DETAILS  The talk deals with the intellectual history, the political practice and the social consequences of neoliberalism. The main pillars of this ideology are an idealization of unrestrained free markets, in the belief that they create an equilibrium for all sorts of market imbalances, an irrational faith in the rationality of market agents, and a libertarian antipathy toward the state, as expressed in the myth of “big government.” It also includes some elements of traditional laissez-faire capitalism such as the concept of the “hidden hand”, adding a metaphysical dimension whereby the market is regarded as a last judgment over all commodities. On the practical side, neoliberalism is based upon a standard economic recipe consisting of austerity, privatization, liberalization and deregulation that was codified in the “Washington Consensus” in 1989.
LINK	https://ces.fas.harvard.edu/events/2016/11/1989-in-global-perspective-and-the-rise-of-neoliberalism

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Artfare: How Art Makes Sense of Cultural Upheaval
Monday, November 14, 2016
6:00p–7:00p
MIT, Building 3-133, 33 Massachusetts Avenue (Rear), Cambridge

Speaker: Kirsten Scheid

"CULTURES OF UPHEAVAL"
FALL 2016 AGA KHAN PROGRAM LECTURES

Web site: http://akpia.mit.edu/fall-2016-lectures-events-cultures-upheaval
Open to: the general public
Cost: FREE
Sponsor(s): School of Architecture and Planning, Department of Architecture, Aga Khan Program for Islamic Architecture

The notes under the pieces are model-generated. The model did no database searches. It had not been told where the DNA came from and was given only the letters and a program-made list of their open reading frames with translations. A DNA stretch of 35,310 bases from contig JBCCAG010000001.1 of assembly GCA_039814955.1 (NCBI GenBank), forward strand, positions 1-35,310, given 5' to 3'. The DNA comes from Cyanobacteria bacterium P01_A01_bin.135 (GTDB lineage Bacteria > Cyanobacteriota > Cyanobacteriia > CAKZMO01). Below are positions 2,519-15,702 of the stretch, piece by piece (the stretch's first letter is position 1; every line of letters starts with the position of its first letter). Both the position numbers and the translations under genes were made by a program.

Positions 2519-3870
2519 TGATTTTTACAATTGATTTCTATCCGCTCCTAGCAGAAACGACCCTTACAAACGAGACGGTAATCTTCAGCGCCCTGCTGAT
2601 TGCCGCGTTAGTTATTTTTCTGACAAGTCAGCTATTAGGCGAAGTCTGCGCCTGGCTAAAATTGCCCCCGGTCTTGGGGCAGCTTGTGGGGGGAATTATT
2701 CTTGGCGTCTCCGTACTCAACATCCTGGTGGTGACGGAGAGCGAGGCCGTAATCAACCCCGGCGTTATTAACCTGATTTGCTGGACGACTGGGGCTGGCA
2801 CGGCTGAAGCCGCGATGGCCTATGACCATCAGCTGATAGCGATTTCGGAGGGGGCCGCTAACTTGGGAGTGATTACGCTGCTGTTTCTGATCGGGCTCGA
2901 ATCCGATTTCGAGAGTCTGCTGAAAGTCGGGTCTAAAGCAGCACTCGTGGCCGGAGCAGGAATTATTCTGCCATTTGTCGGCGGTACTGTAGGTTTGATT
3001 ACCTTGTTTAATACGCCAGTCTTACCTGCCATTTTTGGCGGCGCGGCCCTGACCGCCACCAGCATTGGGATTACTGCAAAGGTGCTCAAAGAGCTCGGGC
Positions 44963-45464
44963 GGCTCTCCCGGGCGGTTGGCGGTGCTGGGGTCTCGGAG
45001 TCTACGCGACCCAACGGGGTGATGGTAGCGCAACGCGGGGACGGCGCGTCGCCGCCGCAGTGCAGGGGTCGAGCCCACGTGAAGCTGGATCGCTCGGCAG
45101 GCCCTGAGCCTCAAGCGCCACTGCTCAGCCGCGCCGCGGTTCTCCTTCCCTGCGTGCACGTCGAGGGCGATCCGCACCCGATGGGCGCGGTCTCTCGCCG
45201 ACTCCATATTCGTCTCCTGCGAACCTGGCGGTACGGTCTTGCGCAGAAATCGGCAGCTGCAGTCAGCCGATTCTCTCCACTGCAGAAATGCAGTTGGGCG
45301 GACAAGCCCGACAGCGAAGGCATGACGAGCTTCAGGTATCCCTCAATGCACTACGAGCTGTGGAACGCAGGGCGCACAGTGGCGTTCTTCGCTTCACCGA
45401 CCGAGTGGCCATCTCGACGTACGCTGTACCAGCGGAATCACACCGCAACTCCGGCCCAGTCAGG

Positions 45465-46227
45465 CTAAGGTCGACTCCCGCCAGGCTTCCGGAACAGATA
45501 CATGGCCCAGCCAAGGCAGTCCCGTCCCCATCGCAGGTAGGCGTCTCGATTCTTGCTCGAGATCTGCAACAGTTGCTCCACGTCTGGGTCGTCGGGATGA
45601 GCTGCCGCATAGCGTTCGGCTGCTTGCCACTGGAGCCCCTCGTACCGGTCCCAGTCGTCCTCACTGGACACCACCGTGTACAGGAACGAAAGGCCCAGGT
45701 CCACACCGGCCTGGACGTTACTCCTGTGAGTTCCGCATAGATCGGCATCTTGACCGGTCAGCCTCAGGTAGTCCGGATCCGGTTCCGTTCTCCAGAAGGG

For more information, contact:  Jose Luis Arguello
617-253-1400
akpiarch at mit.edu 

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Cambridge Mothers Out Front Community Meeting
Monday, November 14 
6-8pm
Community Room, Cambridge Main Library, 429 Broadway, Cambridge

All are welcome and encouraged to come!
Updating our gas leaks campaign's next steps, preparing for statewide summit
Aiming high in 2017!  Brainstorming goals, strategies, pathways to success! 

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Is Equality Fair?
Monday, November 14
6:30 p.m. to 8:00 p.m.
Old South Meeting House, 310 Washington Street, Boston

Yaron Brook (Ayn Rand Institute) & Jonathan Haughton (Beacon Hill Institute)

More information at http://www.fordhallforum.org/category/upcoming-forums

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A Shot in the Dark (Matter)
Monday, November 14
7pm
The Burren, Davis Sq, 247 Elm Street, Somerville 

Doug Finkbeiner  

More information at http://sitn.hms.harvard.edu/science-by-the-pint/

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Tuesday, November 15 to Thursday, November 17
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ABX 2016 
Tuesday, November 15 to Thursday, November 17
RSVP at http://abexpo.com/register